To prevent ground-loop currents the cable shield must not be connected to, or be in contact with, the shell or body of a connector or connected to ground at a receiver.

The manufacturers of devices connecting to the DMX cable need to ensure that any pin or contact can withstand a minimum of 4kV Electrostatic Discharge, ESD, for contact discharge and 8kV ESD for air discharge. Suitable optical isolation, transformer isolation, or other means may be used to prevent the undesirable propagation of voltages and ground-loops.

DMX Termination

Cable terminations are important for consistent operation.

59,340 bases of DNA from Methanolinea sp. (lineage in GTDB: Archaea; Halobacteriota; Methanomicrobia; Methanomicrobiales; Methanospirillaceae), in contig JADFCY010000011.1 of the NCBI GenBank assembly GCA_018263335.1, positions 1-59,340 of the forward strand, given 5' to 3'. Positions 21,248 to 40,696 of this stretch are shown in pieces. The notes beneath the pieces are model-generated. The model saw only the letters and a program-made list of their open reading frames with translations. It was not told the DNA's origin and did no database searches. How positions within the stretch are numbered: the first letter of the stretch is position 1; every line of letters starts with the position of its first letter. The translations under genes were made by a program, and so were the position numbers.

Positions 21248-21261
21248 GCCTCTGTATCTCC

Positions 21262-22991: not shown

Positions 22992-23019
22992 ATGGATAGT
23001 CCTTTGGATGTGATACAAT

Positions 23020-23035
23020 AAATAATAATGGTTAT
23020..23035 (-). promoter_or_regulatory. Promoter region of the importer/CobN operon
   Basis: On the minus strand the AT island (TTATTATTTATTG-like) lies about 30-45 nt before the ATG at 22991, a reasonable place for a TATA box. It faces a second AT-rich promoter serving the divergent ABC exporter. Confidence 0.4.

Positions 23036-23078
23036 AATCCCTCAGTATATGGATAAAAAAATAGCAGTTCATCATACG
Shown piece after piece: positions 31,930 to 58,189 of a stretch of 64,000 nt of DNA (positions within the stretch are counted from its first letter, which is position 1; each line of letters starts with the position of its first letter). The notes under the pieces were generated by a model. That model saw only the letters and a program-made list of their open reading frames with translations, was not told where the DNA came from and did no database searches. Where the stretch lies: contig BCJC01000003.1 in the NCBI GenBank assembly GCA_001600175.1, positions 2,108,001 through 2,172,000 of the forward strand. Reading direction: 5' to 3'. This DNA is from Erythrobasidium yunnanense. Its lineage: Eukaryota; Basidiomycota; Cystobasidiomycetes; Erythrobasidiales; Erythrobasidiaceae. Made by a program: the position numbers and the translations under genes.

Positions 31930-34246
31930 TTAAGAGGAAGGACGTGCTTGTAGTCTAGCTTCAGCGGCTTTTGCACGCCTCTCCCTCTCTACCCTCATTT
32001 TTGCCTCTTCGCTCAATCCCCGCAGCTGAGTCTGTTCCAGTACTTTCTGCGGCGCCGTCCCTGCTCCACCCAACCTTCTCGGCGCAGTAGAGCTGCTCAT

Both ends of a cable segment need to be terminated with a resistance that matches the characteristic impedance of the cable (120 Ohms). This termination absorbs the transmitted signal, preventing ringing and signal reflection. A termination with this impedance gives the cable the appearance to a node connected that the cable is of infinite length. When the cable is cut to any length (or lengths of cable added to the cable segment) and terminated, measurements will be identical to values obtained from an infinite length cable.

Resistor and cable tolerances, among other things, can result in mismatches between these two impedances. This will result in reflections that increase the noise and can ultimately lead to corruption of data. Similar to radiated emissions, the higher the frequency components and the longer the cable, the more likely it is that reflections will affect the performance.

3-pin and 5-pin XLR Terminators for DMX-512